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California should reduce emissions, not pretend to offset them with tropical forests, says broad coalition

Environmental justice, Indigenous, green groups and academics to state regulators: Trading pollution is no climate solution

SACRAMENTO, Calif.— Today the California Air Resources Board will vote on a proposed policy to pay foreign states and provinces to sequester California’s industrial CO2 emissions in their tropical forests. Citing a decade’s worth of failed forest carbon projects, a coalition of environmental justice organizations, Indigenous Peoples’ representatives, green groups, academics and international forest-dwelling people have come to Sacramento to tell CARB to reject the policy, known as the Tropical Forest Standard (TFS).

Concerned about perverse impacts the policy could have on their forests, a delegation from tropical jurisdictions has travelled to the state capitol to argue against CARB’s endorsement of the TFS. Ninawa Huni Kui, chief of the Huni Kui Tribal Federation of Acre, Brazil; Isaac Asume Osuoka of Cross River State, Nigeria; Marlon Santi, Kichwa People of Sarayaku and national coordinator of Pachacutik Indigenous Party, Ecuador; and Ana Valadez Ortega of the Center for the Study of Change in Rural Mexico issued a joint statement from the four tropical regions:

“We are forest people, scholars and community leaders, and we are united in urging California to reject any consideration of the Tropical Forest Standard. Our state governments, which would be responsible for implementing this standard, do not represent our interests; worse, they are capable of abuse, corruption, and systemic violence. We view any forest carbon plan, by the name REDD+ or any other name, as a continuation of the extractive, colonialist model of development that has devastated our lands, and as a profound threat to our ancestral knowledge and our rights to self-determination. Nature is not for sale.”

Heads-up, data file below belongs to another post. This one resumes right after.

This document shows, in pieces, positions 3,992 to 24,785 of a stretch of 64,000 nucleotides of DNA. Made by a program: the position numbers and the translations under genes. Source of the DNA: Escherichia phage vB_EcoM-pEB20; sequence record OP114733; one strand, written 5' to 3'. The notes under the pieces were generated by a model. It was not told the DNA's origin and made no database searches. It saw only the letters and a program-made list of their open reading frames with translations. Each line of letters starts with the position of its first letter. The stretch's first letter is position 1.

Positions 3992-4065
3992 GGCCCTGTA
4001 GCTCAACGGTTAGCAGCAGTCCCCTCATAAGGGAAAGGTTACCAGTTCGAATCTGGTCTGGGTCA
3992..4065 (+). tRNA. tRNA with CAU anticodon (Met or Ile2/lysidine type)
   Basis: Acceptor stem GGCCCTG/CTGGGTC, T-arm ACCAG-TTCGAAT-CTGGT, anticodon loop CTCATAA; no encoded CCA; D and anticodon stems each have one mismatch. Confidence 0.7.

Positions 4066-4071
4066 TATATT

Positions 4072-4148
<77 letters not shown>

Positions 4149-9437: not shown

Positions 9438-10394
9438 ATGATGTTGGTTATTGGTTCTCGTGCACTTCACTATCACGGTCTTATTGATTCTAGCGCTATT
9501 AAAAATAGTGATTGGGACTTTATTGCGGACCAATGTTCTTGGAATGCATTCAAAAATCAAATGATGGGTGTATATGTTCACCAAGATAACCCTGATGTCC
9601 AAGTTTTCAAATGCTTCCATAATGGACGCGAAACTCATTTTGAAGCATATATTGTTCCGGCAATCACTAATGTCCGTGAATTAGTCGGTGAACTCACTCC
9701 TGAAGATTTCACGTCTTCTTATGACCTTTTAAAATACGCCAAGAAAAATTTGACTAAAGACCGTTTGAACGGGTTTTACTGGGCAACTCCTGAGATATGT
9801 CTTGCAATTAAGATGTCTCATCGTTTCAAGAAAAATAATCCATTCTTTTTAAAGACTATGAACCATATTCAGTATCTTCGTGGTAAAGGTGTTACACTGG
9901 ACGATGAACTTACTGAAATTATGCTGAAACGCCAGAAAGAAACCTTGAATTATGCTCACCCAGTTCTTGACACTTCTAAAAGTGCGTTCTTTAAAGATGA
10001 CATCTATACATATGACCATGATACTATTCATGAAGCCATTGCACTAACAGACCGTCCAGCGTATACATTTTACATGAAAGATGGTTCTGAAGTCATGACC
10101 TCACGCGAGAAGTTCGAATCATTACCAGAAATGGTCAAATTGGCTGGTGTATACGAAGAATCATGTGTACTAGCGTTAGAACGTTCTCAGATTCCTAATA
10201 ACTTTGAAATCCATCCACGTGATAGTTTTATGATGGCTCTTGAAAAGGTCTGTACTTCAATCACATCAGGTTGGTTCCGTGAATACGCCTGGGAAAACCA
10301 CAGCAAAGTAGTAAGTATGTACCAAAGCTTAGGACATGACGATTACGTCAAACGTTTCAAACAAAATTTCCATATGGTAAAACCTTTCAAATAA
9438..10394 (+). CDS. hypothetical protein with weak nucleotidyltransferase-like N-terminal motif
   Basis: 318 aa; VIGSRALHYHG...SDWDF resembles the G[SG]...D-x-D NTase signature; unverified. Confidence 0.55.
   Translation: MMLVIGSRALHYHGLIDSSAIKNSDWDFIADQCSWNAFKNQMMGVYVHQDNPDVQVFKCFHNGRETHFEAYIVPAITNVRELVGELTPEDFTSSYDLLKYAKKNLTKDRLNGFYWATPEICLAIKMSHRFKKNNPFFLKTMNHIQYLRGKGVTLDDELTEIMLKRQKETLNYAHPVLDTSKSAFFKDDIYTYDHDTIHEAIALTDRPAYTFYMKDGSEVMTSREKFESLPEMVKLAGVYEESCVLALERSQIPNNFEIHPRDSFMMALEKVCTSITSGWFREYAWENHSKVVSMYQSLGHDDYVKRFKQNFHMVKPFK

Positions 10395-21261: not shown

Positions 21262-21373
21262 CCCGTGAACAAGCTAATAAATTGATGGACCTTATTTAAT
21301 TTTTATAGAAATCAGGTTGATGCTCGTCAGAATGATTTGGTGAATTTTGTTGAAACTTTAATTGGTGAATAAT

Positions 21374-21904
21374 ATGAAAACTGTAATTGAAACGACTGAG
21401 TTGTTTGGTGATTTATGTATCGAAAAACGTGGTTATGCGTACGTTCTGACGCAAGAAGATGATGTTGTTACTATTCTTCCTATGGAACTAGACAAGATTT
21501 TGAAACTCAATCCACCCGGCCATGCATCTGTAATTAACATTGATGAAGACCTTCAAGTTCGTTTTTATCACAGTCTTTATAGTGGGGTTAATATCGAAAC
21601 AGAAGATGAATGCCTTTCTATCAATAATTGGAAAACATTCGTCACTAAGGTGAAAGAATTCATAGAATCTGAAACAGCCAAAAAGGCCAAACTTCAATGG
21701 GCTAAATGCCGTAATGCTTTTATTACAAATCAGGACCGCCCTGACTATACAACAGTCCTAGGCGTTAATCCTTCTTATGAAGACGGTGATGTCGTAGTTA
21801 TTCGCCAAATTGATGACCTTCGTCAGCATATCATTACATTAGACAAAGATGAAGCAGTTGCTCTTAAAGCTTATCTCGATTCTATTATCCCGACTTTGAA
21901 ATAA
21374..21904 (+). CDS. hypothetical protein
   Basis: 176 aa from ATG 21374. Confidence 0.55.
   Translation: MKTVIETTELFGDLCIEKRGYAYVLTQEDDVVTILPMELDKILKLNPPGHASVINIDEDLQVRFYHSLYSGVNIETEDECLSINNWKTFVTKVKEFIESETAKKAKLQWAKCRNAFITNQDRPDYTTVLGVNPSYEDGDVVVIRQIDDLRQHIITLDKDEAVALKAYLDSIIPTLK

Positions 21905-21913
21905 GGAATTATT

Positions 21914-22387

Over 15,000 comments flooded the CARB site on Oct. 29 urging the agency to reject the Tropical Forest Standard. Among the comments is a letter from Cross River State, Nigeria telling CARB it is “unwittingly being railroaded into the scenario of grabbing forestlands and resources belonging to indigenous peoples and communities,” and a letter from over 100 social scientists and conservation scholars arguing that the TFS poses “unacceptably high risk to the integrity of California’s global warming efforts.”

Dozens of California-based and international organizations have also sent a letter to CARB calling the standard “deeply misguided,” noting that no state in the world has accepted international forest offsets programs, in part because of a history of human rights abuses linked to these forest carbon schemes.

Gladys Limon, executive director of the California Environmental Justice Alliance, an alliance of groups who work in low-income Latino, Asian and African- American communities, said, “CARB must not allow tropical forest offsets into our state’s already flawed cap-and-trade program, and instead focus on its fundamental mandate — pollution reductions that directly improve the lives and health of Californians.”

“The aim of the TFS is to use a third of the world’s tropical forests for offsets in California’s cap-and-trade system,” said Tom Goldtooth of the Indigenous Environmental Network. “Indigenous peoples and local communities live in those forests. These carbon offset contracts are a property rights issue already resulting in land grabs and evictions of forest dependent communities. It is not about forest conservation, it’s about forest destruction.”

CARB’s announcement of the TFS notes that it is explicitly designed as a “model for other GHG emissions mitigation programs such as the International Civil Aviation Organization’s Carbon Offsetting Scheme and other emerging programs” — giving it implications well beyond California.

“Aviation emissions are projected to increase by as much as 700 percent by 2050, yet only a minute fraction of the world’s population actually flies,” said Michelle Chan, vice president of programs with Friends of the Earth, U.S. “To use dubious forest offsets to mitigate growing emissions by the earth’s elite, as CARB is proposing, is putting out fires with gasoline — it’s as far from real climate action as it gets.”

“Incredibly complicated carbon trading schemes are not a viable solution for halting the destruction of tropical forests,” said Brian Nowicki, California climate policy director at the Center for Biological Diversity. “These programs are highly vulnerable to gaming and abuses and facilitate continuing smokestack pollution elsewhere.”

“The world’s tropical forests are under major threat by industrial extraction, agribusiness expansion, land-grabbing and deforestation. We need to do everything we can to protect tropical forests for communities, biodiversity and the global climate, but not with carbon offsets like TFS,” said Leila Salazar-López of Amazon Watch. “Creating a system to pay tropical countries to protect forests and allow continued emissions at home, as this policy proposes, is simply absurd. Instead, California should stop extracting and expanding fossil fuel infrastructure and stop importing oil from the Amazon rainforest and indigenous peoples’ territories. That would be true climate leadership.”

Communications contact: Kevynn Gomez, (202) 222-0709, KGomez@foe.org

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